A method that significantly cuts the time and cost needed to grow graphene has won a 2017 TechConnect National Innovation Award. This is the second year in a row that a team at Argonne's Center for Nanoscale Materials has received this award.

Honeywell UOP and Argonne Seek Research Collaborations in Catalysis Under Technologist in Residence Program

Researchers at Argonne are collaborating with Honeywell UOP scientists to explore innovative energy and chemicals production.

Follow the Fantastic Voyage of the ICARUS Neutrino Detector

The ICARUS neutrino detector, born at Gran Sasso National Lab in Italy and refurbished at CERN, will make its way across the sea to Fermilab this summer. Follow along using an interactive map online.

JSA Awards Graduate Fellowships for Research at Jefferson Lab

Jefferson Sciences Associates announced today the award of eight JSA/Jefferson Lab graduate fellowships. The doctoral students will use the fellowships to support their advanced studies at their universities and conduct research at the Thomas Jefferson National Accelerator Facility (Jefferson Lab) - a U.S. Department of Energy nuclear physics laboratory managed and operated by JSA, a joint venture between SURA and PAE Applied Technologies.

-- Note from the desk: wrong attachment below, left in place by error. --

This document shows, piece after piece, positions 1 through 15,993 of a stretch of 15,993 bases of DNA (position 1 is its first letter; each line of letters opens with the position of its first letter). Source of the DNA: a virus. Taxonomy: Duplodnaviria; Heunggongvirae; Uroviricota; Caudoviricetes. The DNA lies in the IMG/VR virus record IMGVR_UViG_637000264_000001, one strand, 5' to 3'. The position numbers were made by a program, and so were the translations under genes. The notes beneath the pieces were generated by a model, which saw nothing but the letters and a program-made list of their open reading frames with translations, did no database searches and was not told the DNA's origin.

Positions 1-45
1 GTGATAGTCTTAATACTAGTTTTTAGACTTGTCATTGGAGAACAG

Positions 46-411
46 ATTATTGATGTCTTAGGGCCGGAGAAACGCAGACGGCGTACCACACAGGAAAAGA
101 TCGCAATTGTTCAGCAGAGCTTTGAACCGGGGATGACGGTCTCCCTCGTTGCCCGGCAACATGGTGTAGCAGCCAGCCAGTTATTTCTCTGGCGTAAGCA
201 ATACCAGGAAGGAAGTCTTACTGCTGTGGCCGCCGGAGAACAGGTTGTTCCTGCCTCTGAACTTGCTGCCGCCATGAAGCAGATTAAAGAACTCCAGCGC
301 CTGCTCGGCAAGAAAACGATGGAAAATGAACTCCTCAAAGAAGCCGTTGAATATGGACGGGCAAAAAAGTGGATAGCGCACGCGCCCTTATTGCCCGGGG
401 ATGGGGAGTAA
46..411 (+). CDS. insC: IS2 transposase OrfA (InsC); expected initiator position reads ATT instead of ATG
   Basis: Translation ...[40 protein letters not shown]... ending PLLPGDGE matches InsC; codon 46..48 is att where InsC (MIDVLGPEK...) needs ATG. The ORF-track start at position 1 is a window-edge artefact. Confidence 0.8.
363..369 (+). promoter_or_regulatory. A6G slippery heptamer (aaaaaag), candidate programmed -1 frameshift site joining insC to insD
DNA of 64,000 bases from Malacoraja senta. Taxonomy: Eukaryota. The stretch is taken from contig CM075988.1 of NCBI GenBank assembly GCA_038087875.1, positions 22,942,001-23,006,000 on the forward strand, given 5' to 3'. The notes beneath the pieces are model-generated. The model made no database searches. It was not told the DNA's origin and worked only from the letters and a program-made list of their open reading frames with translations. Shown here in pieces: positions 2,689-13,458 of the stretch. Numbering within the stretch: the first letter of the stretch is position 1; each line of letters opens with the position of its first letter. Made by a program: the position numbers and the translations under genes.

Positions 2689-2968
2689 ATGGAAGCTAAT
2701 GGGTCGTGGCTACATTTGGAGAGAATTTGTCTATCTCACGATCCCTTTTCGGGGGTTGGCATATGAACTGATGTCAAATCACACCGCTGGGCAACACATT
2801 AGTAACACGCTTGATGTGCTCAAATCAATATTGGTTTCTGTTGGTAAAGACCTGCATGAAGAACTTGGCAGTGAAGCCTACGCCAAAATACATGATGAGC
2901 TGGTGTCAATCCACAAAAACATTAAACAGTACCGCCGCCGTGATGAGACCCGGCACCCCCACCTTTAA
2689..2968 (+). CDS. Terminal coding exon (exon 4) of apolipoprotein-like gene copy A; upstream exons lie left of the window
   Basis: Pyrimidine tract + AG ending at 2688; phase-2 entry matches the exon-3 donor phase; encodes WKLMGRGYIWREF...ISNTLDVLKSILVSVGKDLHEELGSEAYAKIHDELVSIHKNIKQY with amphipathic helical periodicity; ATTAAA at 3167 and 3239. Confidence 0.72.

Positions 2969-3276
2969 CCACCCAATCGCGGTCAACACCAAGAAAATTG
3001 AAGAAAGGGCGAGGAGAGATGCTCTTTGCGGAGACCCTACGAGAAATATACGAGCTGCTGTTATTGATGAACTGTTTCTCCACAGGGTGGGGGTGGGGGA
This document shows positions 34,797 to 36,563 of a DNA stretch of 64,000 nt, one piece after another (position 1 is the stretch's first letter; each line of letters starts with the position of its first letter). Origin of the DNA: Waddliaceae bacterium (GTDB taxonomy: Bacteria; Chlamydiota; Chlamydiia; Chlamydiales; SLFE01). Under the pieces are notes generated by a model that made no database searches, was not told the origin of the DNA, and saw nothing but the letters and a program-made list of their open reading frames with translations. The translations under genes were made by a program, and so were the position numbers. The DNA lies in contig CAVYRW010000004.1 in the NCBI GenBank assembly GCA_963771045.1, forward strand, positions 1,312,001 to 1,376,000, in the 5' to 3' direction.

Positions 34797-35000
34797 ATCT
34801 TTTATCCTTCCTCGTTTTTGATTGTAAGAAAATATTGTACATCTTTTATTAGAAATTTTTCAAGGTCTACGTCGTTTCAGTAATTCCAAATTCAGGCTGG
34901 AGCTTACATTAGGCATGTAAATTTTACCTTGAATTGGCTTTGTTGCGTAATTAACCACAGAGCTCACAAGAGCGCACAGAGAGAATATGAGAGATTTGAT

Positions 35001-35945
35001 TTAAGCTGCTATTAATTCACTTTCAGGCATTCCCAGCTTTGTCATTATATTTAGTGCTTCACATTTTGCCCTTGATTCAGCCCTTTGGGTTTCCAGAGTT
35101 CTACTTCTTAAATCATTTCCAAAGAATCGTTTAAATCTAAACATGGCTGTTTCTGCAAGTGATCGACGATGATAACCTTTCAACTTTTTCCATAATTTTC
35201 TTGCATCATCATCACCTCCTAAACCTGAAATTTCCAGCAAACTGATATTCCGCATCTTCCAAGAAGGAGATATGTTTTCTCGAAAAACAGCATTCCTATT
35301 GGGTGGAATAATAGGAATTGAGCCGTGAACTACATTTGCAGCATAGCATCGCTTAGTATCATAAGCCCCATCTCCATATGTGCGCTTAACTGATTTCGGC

Muon Magnet's Moment Has Arrived

On May 31, the 50-foot-wide superconducting electromagnet at the center of the Muon g-2 experiment saw its first beam of muon particles from Fermilab's accelerators, kicking off a three-year effort to measure just what happens to those particles when placed in a stunningly precise magnetic field. The answer could rewrite scientists' picture of the universe and how it works.


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Graphene Ribbons Result in 100-Fold Increase in Gold Catalyst's Performance